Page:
With offices in eight states, the Colony Group is betting that Curated By Colony will pay off later as it generates no revenue today. Nathanson says it has a number of people dedicated to operating it, so it costs some time but not money.  

Most consultants come to the Colony Group via referrals. “We have an internal team that does the selection and vetting and is led by Jennifer Geoghegan, our chief strategy officer,” Nathanson says.

The pandemic has intensified the need for these lifestyle and wellness services.  “The medical concierge services are filling a greater need than ever before,” he says.  “Some of these services involve remote medicine,” he notes.

But it also has decreased the need for other services. Nathanson recently participated in a meeting with travel and experiential providers, and because of the pandemic, those services are not being tapped in great numbers, as people stay close to home.

Its curated services appeal to a wide variety of its clients, often at different stages. Younger families, for example, are more likely to partake of life experiences and educational services, whereas others may gravitate toward physical wellness and legacy programs.  Seniors, as they age, may focus on eldercare services.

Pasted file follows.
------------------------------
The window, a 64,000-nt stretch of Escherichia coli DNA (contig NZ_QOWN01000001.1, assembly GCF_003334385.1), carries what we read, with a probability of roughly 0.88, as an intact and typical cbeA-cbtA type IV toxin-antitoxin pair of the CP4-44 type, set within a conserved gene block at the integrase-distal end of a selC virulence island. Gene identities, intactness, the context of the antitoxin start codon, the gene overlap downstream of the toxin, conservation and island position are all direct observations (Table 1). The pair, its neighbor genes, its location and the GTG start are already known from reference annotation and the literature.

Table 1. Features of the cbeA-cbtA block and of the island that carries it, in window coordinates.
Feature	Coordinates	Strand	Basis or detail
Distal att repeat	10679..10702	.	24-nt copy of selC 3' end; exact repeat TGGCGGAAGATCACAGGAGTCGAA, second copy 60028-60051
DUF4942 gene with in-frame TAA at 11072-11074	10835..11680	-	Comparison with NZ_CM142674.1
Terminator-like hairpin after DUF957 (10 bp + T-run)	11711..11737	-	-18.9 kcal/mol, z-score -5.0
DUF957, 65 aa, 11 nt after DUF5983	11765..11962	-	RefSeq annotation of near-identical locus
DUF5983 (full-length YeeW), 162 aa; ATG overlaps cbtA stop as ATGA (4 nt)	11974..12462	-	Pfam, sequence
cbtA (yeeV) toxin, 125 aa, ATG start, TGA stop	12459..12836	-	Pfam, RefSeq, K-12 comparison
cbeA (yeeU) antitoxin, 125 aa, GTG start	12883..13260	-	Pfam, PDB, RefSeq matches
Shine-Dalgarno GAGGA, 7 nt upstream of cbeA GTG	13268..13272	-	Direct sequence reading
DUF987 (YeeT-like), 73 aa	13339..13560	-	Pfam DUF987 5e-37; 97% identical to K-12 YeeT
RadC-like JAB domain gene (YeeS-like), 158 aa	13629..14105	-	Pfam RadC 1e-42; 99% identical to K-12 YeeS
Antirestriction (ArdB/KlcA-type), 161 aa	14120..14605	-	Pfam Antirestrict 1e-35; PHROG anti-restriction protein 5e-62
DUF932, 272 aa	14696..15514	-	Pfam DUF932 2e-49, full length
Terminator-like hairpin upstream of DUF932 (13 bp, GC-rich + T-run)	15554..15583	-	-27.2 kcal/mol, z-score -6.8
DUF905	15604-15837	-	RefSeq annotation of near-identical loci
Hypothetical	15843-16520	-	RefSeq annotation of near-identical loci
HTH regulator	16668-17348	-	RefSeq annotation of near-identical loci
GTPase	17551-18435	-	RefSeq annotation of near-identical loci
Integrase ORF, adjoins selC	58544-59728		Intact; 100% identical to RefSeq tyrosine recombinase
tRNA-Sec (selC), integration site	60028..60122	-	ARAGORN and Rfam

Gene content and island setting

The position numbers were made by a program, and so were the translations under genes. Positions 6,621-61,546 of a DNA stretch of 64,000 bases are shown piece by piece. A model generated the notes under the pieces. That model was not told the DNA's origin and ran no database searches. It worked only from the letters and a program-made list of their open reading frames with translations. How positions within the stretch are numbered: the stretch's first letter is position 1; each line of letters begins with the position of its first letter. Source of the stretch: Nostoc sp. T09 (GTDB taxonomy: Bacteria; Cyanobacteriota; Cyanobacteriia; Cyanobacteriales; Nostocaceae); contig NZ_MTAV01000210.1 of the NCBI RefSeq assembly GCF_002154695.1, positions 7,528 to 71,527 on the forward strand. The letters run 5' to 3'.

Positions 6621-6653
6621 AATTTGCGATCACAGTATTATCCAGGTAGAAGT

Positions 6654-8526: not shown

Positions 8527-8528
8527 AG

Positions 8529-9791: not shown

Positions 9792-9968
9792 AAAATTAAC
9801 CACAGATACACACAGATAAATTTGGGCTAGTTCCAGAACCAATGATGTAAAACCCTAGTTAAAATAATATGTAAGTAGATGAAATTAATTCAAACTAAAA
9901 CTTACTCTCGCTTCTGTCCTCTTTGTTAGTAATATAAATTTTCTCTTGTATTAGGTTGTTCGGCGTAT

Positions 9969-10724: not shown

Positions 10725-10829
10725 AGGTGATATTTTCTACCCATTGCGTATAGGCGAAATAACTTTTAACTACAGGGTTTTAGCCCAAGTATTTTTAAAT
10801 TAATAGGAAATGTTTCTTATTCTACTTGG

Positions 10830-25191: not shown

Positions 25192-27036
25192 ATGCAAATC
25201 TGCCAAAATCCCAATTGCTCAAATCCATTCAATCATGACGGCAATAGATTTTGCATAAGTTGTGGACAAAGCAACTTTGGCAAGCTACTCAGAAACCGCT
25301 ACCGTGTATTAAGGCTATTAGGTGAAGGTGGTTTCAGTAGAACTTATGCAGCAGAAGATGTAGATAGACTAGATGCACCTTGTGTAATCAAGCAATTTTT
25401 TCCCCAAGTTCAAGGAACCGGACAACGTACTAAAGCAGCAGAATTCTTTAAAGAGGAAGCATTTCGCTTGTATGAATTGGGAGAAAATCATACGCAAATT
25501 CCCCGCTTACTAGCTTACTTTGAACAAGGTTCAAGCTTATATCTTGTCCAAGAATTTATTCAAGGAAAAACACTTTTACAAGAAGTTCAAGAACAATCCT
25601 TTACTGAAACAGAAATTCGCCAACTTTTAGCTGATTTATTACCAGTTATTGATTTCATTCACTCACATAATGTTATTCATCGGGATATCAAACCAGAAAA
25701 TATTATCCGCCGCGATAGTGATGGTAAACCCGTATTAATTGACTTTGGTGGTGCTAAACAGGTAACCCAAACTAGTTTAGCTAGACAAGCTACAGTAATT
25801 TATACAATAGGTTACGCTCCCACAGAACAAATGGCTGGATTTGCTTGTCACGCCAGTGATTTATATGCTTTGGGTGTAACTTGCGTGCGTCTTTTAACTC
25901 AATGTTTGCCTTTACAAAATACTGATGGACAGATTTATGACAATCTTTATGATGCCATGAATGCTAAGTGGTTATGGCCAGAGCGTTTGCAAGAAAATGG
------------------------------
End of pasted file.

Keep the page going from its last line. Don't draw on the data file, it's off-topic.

Advisors receive dedicated training so they can provide these additional services. They aren’t expected to become attorneys, for example, but need to “know enough to work with an outside lawyer for the client.”

Nathanson says advisors are expected to spend an hour and a half with clients to get to know them better, “know their values, who their family is, the client’s hobbies, what their business is like, where they enjoy traveling and the last book they read.”

Most advisors that have majored in accounting and finance are particularly adept at analyzing numbers, but can they broaden their scope to cover wellness and nutritional concerns? Nathanson says, “We want people who have empathy, who care deeply about others, who live our mission and values.  RIAs still need to be good with numbers and understand every client is an individual.”

Yet he adds, “How can we provide bespoke services if we don’t fully understand the clients? It’s not just about numbers,” he says.

Since these services have only recently been introduced, it hasn’t fully determined how they’re going to be evaluated. Nathanson expects that it will be rated “by usage, including how many clients are using it, which services are used the most and which vendors are selected.”

Nathanson expects that lifestyle services will be tweaked based on feedback and changing needs. “We could do more on some of the physical wellness services, family governance, and family consulting services.”

Unresolved is whether clients will embrace these services from their financial advisors, and whether the business model is viable given that clients aren’t charged for these services. Moreover, a lack of dedicated inhouse expertise could deter potential clients from joining.

Nathanson predicts that in two years “we will be larger and broader. We’ll be known as an asset manager, a business manager and a life-enriching specialist.”